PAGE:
Defense Ministry data also show that 90 percent of the children of expatriate Israelis volunteer for service in combat units, and that the latest pilot's course includes a man and a woman who immigrated from the U.S.
Harris recently completed Paratrooper Brigade boot camp and is headed for advanced training with the brigade's Battalion 890.
"Despite growing up in the U.S. I always felt that my real home is here, in Israel, and if I don't help defend my home then who will," he asks.
Despite his parents
Harris's parents were fiercely opposed to his moving to Israel "Life is quiet there; they don't have the crazy news we get here in Israel," so he went to college, where he majored in economics.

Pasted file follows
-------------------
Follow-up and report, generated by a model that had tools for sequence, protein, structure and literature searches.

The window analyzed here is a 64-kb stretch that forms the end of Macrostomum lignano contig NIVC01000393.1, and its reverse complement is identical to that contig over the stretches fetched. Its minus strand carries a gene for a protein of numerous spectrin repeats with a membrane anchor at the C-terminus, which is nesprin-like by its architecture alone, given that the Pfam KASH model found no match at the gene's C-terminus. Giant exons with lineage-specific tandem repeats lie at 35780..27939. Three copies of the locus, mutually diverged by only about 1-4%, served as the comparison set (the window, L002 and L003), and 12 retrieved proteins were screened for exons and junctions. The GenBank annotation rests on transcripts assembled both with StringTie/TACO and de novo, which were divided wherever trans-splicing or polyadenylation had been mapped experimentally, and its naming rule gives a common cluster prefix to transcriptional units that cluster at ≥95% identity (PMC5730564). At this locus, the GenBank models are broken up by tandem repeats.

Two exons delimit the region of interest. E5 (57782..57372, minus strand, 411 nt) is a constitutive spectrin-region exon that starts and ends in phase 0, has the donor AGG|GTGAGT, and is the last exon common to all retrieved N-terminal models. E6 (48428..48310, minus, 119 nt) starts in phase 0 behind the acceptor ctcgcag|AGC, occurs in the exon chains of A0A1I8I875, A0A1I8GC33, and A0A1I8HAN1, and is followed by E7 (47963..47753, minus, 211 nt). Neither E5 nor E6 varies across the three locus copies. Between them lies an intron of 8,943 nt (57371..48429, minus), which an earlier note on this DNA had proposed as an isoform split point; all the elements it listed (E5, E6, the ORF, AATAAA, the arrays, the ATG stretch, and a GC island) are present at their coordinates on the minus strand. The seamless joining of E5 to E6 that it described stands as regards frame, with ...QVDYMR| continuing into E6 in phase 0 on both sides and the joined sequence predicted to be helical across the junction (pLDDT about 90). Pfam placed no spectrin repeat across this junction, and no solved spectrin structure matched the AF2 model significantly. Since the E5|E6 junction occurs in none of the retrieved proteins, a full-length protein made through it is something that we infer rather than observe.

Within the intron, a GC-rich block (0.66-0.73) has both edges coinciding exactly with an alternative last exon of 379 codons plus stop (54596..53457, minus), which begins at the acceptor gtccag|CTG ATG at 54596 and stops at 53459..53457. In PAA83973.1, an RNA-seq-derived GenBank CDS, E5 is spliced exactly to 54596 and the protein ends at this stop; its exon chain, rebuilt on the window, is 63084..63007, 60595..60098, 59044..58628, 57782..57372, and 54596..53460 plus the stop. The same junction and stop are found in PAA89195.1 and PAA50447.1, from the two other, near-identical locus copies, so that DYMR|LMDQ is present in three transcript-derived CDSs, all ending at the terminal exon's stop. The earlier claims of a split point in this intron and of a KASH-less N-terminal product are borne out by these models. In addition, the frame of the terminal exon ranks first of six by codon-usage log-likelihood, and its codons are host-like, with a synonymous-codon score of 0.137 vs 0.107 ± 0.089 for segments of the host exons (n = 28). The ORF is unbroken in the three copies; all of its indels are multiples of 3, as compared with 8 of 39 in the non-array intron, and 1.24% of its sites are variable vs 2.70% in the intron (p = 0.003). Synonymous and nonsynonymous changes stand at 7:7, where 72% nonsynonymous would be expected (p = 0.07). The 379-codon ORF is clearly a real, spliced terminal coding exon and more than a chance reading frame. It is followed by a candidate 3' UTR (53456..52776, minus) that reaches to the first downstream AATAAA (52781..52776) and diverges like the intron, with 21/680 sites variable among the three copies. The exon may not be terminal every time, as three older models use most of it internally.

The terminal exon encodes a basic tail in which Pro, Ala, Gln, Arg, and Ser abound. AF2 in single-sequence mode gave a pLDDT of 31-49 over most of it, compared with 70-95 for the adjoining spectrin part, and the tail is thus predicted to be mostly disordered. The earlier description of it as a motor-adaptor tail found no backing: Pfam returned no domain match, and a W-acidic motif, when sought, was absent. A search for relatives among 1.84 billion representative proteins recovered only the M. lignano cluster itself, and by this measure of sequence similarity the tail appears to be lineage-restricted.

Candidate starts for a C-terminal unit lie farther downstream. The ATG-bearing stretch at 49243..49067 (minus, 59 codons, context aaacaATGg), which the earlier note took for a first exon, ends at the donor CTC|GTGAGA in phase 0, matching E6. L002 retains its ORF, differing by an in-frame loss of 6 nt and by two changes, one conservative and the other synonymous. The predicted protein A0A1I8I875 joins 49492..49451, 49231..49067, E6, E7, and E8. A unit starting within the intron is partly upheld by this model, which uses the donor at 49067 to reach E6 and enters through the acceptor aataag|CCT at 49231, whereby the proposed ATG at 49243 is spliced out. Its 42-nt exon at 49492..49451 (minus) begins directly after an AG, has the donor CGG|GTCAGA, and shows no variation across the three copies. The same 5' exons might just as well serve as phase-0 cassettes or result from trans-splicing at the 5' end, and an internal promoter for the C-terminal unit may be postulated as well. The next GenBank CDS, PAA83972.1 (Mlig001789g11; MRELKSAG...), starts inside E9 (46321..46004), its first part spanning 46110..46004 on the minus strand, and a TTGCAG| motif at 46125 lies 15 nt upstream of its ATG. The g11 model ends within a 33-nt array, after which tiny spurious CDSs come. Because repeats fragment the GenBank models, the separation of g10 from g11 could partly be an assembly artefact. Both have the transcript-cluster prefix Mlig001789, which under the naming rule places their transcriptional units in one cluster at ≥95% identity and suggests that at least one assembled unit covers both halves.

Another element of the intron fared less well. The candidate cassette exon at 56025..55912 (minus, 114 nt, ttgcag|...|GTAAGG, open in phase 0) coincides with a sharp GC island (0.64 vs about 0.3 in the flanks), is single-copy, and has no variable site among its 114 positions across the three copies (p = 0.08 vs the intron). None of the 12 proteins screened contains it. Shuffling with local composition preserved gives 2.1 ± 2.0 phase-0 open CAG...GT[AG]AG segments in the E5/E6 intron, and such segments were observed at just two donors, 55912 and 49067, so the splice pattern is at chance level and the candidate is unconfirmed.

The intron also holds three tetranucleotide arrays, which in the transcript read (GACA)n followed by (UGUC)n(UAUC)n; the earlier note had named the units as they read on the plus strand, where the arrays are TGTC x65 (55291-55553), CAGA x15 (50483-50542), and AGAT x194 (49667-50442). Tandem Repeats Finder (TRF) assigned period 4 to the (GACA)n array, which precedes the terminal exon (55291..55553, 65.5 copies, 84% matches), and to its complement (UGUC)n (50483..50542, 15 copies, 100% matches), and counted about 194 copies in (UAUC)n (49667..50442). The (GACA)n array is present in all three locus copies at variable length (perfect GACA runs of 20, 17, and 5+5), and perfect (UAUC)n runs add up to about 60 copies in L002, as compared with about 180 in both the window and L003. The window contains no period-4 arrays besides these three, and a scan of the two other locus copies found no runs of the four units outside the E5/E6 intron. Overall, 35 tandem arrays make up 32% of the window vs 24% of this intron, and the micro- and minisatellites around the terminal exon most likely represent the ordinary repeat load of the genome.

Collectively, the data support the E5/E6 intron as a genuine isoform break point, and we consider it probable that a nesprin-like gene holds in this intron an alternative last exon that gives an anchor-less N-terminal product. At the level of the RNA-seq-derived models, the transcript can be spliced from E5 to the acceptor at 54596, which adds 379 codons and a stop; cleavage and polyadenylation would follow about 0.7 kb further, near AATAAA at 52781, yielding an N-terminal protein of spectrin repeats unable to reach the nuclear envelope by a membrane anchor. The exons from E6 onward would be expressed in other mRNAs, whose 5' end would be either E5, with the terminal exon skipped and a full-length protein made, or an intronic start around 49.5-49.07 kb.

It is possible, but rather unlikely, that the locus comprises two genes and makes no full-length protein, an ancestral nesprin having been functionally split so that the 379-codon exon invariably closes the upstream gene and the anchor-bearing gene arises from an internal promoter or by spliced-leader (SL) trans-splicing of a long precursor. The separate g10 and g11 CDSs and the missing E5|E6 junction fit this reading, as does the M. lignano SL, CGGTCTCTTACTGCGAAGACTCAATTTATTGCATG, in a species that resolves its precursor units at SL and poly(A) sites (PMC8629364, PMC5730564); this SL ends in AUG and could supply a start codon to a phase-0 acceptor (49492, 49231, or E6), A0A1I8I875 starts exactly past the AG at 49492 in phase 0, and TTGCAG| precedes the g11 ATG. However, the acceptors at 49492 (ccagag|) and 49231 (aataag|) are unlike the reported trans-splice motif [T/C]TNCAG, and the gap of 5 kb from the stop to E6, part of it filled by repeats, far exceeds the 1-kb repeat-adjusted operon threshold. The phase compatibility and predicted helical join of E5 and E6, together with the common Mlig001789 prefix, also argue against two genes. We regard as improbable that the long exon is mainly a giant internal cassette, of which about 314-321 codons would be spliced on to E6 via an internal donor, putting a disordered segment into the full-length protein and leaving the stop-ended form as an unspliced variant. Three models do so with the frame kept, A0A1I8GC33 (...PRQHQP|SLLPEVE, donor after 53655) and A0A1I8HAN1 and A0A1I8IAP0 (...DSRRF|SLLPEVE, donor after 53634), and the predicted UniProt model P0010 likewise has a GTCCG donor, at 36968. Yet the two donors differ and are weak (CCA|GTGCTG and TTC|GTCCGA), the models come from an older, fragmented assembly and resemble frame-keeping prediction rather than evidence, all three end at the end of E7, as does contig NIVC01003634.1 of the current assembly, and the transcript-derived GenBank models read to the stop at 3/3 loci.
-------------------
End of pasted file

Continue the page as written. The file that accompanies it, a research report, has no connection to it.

"Once I graduated, I was already 21 and I presented my parents with a fait accompli," he said.
Today he lives on Kibbutz Maoz Haim, along with several of his comrades from the brigade who moved to Israel as part of a Scouts Movement program.
"Their preparation for service in the IDF starts while still overseas, as part of activity intensified in recent years by the Jewish Agency, the Immigrant Absorption Ministry, the Kibbutz Movement and the Scouts. Afterward they come to Israel and study Hebrew at an ulpan, and every soldier is adopted by a kibbutz family for the duration of service," says Udi Dror, aide to the head of the Defense Ministry's recruitment department.
American-born Tomer Regev, a soldier with Battalion 202 of the Paratroopers, says he always wanted to serve in the IDF.
He heard about the Israeli army from his father and other relatives who reminisced at family events.
Regev says his parents, who live in Los Angeles, are pleased with his decision.
He has not decided whether to stay in Israel after the army or return to L.A. to realize a new dream: playing professional football.